I was continually frustrated during my time as the Marine’s Deputy Commandant for Aviation by our inability to rapidly upgrade Marine equipment, especially aircraft cockpits and similar systems. The reason is simple, much of the aerospace and defense industry uses unnecessary and arbitrary proprietary markings as a base requirement. We must change this mind-set.
The time has arrived to develop standardized frameworks and make available common hardware designs and software architectures for future equipment procurements across all four services. We have seen the defense budget more than double since 2001, but now we face a severe contraction as the United States withdraws from Iraq and Afghanistan. However, more of an impact will be the reduction in defense outlays as our national security funds pay a significant portion of the deficit reduction bill.
Even as we reduce spending there will be an increasing requirement to upgrade existing equipment as well as developing future platforms. This is an opportunity to turn a really tough challenge into a win-win strategy. And a great place to begin this revolution in upgrading combat capability is with current and future aircraft.
As the first step, cooperatively and proactively, government and industry should establish common architectures and interfaces to enable this reform initiative and gain great cost and capability benefits. By convening a joint Government / Industry task force, nominee items for standardization and commonality across all Military Services will be identified. Central mission computers, communications equipment, navigation equipment, attitude control systems and human-machine interfaces should be considered.
Notwithstanding “tribal” differences and inherent mission specializations, potential areas for commonality are computer architecture, interfaces, connections, specifications, standard-provider terms and conditions and common functionality. This is not rocket science and the Defense Science Board Task Force on Defense Industrial Structure for Transformation has already recommended adoption of many measures-specifically competitive prototyping, utilization of open architecture to ensure competition for upgrades and licensing of additional suppliers.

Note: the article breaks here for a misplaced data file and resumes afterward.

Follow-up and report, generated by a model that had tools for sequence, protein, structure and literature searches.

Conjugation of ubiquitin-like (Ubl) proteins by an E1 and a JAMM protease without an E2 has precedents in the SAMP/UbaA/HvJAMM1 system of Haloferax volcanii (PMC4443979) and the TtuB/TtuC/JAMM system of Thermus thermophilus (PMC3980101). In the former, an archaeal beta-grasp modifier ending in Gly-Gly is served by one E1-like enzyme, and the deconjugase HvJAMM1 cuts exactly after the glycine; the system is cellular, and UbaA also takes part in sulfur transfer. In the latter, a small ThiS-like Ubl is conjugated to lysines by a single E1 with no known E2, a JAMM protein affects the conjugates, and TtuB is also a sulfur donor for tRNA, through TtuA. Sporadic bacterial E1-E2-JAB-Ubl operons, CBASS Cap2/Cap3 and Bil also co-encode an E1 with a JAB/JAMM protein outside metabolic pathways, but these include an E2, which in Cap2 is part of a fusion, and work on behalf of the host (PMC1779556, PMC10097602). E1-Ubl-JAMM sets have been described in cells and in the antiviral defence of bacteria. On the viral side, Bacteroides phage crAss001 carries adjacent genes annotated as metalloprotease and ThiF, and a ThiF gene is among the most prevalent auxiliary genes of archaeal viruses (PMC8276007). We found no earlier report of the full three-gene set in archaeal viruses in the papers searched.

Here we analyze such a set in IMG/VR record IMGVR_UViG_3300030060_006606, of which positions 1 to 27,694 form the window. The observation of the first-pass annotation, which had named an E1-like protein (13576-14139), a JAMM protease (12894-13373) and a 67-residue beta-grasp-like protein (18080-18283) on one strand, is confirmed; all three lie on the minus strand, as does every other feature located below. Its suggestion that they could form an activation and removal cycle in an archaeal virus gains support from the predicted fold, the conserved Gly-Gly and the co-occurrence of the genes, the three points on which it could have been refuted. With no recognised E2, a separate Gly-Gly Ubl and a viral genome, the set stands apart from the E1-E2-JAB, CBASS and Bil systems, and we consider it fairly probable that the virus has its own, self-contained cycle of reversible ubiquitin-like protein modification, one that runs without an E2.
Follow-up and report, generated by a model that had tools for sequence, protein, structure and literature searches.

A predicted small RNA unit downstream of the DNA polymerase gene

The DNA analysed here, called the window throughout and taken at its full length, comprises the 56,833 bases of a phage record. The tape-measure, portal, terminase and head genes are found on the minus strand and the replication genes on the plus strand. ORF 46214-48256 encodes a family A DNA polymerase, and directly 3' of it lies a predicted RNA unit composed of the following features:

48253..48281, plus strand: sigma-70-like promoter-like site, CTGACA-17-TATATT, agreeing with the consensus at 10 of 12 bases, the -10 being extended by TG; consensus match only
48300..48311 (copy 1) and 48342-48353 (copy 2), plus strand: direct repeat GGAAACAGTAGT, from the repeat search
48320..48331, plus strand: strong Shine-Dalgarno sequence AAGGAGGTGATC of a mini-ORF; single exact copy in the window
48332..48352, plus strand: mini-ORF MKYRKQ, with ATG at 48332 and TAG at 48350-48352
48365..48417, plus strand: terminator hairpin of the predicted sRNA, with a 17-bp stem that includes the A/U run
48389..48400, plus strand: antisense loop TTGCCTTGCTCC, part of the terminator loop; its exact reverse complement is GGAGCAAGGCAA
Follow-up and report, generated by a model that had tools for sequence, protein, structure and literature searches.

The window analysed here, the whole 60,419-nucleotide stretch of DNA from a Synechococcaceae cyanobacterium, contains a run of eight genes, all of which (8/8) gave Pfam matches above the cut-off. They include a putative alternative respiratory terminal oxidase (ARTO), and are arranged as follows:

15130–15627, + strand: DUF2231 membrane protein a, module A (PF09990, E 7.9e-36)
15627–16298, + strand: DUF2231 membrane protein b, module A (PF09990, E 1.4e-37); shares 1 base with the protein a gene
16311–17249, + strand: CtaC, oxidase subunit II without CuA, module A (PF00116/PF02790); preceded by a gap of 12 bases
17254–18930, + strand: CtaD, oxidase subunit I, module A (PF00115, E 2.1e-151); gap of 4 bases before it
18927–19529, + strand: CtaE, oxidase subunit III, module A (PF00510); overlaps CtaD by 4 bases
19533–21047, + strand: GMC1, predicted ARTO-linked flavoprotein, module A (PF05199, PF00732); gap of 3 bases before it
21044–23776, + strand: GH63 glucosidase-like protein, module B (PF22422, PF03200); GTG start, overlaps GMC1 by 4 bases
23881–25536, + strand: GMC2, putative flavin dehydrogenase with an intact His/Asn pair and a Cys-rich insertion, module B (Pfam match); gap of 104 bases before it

As technologies evolve and standards are established, a great deal of free market and entrepreneurial innovation has successfully emerged with such high-technology items as iPod/iPhone applications, GPS-dependent innovations such as navigation-capable automobile and personal digital assistant devices like Blackberry and Treo, Plug-and-Play and USB standards for desktop and laptop computing, and Bluetooth technology and applications.
The thought is not to discourage the innovative market but, rather, to broaden it; there will likely always be the opportunity to develop and protect specific proprietary designs for sensors, units, and applications that connect to core system integration modules and devices as these mature over time. This concept will encourage incremental growth where each innovation builds on the preceding design concept.
We need to be able to rapidly increase combat capability as lessons learned are garnered during operations. The power of open standards is the springboard providing innovation and cooperative development. For example, the standardization and availability of the GPS constellation resulted in the creation of a new industry based on personal navigation.
There are other examples. The Marine Corps was able to respond to a pressing combat requirement to get the AV-8B Harrier a precision targeting capability, the Litening Pod. With a minimum of effort and paperwork, the Litening was integrated into the Harrier systems and immediately put to use. The same process was used to put the Litening on Marine Hornets. Rarely has the combat capability of aircraft been so easily and seamlessly increased.
The combination of open architecture, standardized interfaces and common hardware is compelling. The benefits to government, industry and the taxpayer are clear; it will give us the ability to rapidly and cheaply generate greater combat capability.
The time to implement standardization and commonality reform is now. The combination of warfighter needs and economic necessities sets the stage for Government cooperation with leading industry partners to make this framework a reality.
Retired Lt. Gen. John Castellaw, former Marine deputy commandant for aviation, is president of the brand new Crockett Policy Institute.